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Medical marijuana use up 83% in state; PTSD most common condition treated
Chicago Tribune - 10/5/2018
Oct. 05--After campaigning to convince other veterans that marijuana can help treat post-traumatic stress disorder, Colin Bond is finally seeing that people are heeding his advice.
PTSD has become the most common condition treated by patients who use medical marijuana in Illinois, according to a new state report that also shows overall use of medical pot has risen 83 percent this year in Illinois with more than 46,000 users.
Bond takes the increased use of marijuana for PTSD as a sign that word is spreading that veterans have something to help them reduce or get off prescription painkillers and antidepressants, as he did.
"I have more good days in between my bad days," Bond said. "More important, when I do have a bad day, it's like a road bump, nothing like it used to be."
The number of patients with PTSD who were certified to buy cannabis more than doubled in the state's fiscal year, to more than 4,000. That surpassed fibromyalgia, which had about 3,400 patients, and cancer, which accounted for about 2,500 patients. Those conditions ranked first and second last year.
The other most common qualifying conditions were spinal cord disease and injuries, followed by traumatic brain injuries and post-concussion syndrome, rheumatoid arthritis and multiple sclerosis.
The increase in use for PTSD was due in part to Gov. Bruce Rauner adding it to the list of about 40 qualifying conditions in 2016.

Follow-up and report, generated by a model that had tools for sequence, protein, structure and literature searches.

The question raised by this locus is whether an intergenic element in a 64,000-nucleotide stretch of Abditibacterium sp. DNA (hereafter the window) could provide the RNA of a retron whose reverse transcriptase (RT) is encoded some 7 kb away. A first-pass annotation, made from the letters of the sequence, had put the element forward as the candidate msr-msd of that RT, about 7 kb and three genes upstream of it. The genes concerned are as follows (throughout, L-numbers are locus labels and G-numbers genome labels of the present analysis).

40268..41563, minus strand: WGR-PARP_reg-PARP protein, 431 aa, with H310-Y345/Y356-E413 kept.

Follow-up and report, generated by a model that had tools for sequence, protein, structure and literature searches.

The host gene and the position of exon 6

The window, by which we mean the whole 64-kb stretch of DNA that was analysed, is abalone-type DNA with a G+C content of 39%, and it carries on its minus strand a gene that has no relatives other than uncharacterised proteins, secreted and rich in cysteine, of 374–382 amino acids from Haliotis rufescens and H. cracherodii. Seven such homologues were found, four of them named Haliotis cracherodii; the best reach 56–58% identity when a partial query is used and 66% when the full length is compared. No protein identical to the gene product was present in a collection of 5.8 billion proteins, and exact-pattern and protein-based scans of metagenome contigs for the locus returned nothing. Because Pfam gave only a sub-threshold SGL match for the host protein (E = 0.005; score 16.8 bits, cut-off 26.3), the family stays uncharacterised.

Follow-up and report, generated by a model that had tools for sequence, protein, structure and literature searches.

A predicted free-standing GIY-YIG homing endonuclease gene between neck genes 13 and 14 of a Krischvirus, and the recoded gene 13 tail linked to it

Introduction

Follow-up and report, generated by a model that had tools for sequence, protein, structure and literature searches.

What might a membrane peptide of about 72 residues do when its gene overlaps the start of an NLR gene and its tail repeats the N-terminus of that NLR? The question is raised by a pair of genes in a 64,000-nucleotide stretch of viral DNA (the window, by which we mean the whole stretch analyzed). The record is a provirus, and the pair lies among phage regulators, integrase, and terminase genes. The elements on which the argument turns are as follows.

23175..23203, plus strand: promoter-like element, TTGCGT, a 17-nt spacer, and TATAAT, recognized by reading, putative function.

Still, addiction specialists continue to warn about the chances for substance abuse. Dr. Aaron Weiner, of Linden Oaks Behavioral Health in Naperville, said the 2.5 ounces of pot allowed every two weeks under the program provides for frequent daily use, which is linked to addiction. He also warned that the marijuana sold in Illinois dispensaries contains up to about 90 percent THC, the element that makes users high, far more than traditional street pot.
He called the program "deeply flawed."
Yet the total number of patients has climbed each year, nearly doubling the first two years and increasing 83 percent this year. The total number of patients now exceeds 46,000 as of Wednesday, with sales of about $12 million a month.
Officials expect those numbers to increase significantly again since Rauner last month signed into law a measure to allow medical marijuana to be used in place of opioid prescription painkillers. The new law also eliminates the requirements for fingerprints and criminal background checks that forced applicants to wait about three months for approval.
Almost three-fourths of the patients are more than 40 years old -- in contrast to the demographics of recreational use legalized in other states, where most users are much younger.
Cook County had by far the greatest number of patients, with almost 7,500, followed by DuPage, Lake and Will counties.
The number of doctors who certified patients grew from about 2,100 last year to more than 3,000 this year. Most qualify fewer than 25 patients each, but 29 physicians certified more than 100 patients each.
The state also approved more than 4,000 designated caregivers in the past fiscal year covered by the report, from July 1 through June 30.
The report also ranked the popularity of retail dispensaries, with Dispensary 33 in Chicago's Andersonville community leading with more than 1,400 patients, followed by The Clinic Mundelein, EarthMed in Addison, 3C Compassionate Care Center in Naperville and MOCA Modern Cannabis Dispensary in Logan Square.
(c)2018 the Chicago Tribune
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